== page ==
IT Career Advancement: Advice for Moving Beyond the Help Desk
By Ashley Brooks on 06/07/2021
Working the IT help desk is a solid way to get your start in the technology field. Your help desk experience has given you valuable practice working on a team, communicating technical information to customers and, of course, working with the latest tech tools.
Lately you’ve been feeling the itch to move on to something more. But when it comes to information technology career advancement, you’re not completely sure of what your options are from here—or how to get started pursuing them.
While plotting a course for your future might seem daunting, you’re certainly not at a bad starting point. An IT help desk role can provide a lot of stability and serve as a great launching point for other tech careers. Read on to learn more about your future career potential and the next steps you can take to make your move.
Common career options beyond the help desk
First things first, you might be wondering what types of tech careers are available to you as someone with help desk experience. You can leverage your help desk experience into a variety of more advanced technology roles depending on your interests.
“The great thing about working in a help desk role is the wide range of technologies that you work with, which makes you a natural fit for a wide range of roles in the next phase of your career,” says Iyana Garry, former help desk worker and current IT and security analyst at Thrive Global.
Of course, some roles lend themselves more naturally to advancement beyond the help desk than others. Brandon Sheehy, former help desk worker and current software developer, finds that system administrator roles are often a natural fit for those ready to leave the IT help desk. “It advances the technician past end-user support into the management of servers, vendor software, large swaths of desktops and/or networks,” Sheehy says. He notes that many system administrators still have a support role to fill, but it’s typically on a larger scale rather than troubleshooting with a single user.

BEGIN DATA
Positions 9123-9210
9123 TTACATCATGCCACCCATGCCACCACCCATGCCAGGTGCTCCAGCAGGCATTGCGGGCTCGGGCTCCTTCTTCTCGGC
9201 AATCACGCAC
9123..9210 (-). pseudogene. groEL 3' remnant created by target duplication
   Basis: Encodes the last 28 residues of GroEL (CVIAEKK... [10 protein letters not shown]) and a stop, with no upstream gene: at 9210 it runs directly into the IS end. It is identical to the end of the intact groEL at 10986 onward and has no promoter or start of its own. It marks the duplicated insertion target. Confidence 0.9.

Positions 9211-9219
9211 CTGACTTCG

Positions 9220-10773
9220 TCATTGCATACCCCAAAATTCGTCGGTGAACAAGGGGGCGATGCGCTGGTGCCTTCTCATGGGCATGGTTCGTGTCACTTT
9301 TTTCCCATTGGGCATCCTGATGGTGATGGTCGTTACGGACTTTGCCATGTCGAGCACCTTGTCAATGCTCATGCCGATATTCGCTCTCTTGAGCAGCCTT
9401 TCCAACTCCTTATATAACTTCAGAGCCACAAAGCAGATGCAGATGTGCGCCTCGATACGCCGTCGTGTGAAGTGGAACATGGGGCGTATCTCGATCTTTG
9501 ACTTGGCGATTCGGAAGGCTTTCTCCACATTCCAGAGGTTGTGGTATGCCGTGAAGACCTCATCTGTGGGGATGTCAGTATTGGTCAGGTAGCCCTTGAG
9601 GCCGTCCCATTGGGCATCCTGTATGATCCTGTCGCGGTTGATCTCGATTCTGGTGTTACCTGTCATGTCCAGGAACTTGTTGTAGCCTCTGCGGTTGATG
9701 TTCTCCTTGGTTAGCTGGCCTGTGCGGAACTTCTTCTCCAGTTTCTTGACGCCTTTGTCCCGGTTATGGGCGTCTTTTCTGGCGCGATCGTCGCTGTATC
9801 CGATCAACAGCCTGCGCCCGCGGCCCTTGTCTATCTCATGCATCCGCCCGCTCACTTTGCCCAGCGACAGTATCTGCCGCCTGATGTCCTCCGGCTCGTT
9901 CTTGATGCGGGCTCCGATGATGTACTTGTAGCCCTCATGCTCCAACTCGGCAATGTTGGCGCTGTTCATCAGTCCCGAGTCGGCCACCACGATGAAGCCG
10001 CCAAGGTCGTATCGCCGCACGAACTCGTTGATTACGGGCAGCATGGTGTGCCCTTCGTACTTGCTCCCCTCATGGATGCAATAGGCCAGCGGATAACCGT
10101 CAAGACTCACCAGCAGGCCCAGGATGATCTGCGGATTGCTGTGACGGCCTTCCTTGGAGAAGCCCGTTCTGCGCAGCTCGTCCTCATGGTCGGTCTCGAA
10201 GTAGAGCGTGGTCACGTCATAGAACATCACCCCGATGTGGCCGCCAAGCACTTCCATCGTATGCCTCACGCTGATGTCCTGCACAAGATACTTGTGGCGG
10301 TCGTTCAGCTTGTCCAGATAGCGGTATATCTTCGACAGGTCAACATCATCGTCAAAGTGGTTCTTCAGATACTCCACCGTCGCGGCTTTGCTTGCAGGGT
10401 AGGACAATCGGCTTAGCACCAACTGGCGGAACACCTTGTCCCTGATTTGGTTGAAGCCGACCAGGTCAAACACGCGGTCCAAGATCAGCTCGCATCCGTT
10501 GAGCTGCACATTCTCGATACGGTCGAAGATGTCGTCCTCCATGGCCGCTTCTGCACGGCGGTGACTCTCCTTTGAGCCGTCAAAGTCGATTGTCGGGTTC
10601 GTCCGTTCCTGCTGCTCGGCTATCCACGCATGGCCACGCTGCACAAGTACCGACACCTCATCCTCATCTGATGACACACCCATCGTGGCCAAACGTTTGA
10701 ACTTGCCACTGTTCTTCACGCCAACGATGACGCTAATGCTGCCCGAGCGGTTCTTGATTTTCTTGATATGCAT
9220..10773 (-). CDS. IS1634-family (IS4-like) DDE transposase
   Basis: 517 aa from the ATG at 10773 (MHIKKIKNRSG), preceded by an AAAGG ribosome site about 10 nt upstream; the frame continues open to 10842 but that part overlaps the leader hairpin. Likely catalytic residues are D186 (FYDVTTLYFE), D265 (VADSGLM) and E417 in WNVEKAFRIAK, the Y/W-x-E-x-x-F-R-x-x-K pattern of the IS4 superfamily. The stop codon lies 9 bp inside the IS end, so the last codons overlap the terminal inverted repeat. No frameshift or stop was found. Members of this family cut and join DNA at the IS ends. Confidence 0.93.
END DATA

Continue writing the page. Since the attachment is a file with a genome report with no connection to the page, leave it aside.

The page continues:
While by no means exhaustive, these are a few other technology roles you may have on your radar for advancement:
- Network administrator
- Cybersecurity specialist
- Software engineer
- Cloud computing engineer
- IT manager
- System administrator
6 Steps that can lead to IT career advancement
Now that you know what careers you can set your sights on, you need to learn how to get there. These are tried-and-true strategies our former IT help desk workers have used to leverage their IT experiences into more advanced careers.
1. Go above and beyond in your current role
Advancing within your own company can be an appealing option. One of the best ways to get the attention of supervisors is to go above and beyond in your help desk role. “Show initiative at your job. If you have the freedom, put in the extra effort to solve tough problems without escalating them too quickly,” Sheehy says.
Of course, this isn’t a magic solution that will have you landing a promotion next week. If you consistently go above and beyond, however, you’ll be in a good position to talk to your manager about advancement opportunities in the future. “If there's one thing sysadmins will notice and appreciate, it's help desk technicians who take support issues off their hands. That's going to open the door to advancements within your organization,” Sheehy says.
2. Gain experience outside the workplace
Of course, you may want to expand your skill set beyond what’s available to you in your help desk role. If that’s the case, you may want to spend time after hours assigning yourself projects and building skills in other areas that interest you.
“Create your own home lab, or offer to contribute to open source software in order to gain experience in the field that you want to work in,” Garry says. The work may not be paid, but it will show hiring managers that you’re serious about taking your skills to the next level—and it will help give you the portfolio to prove it.
3. Show what you know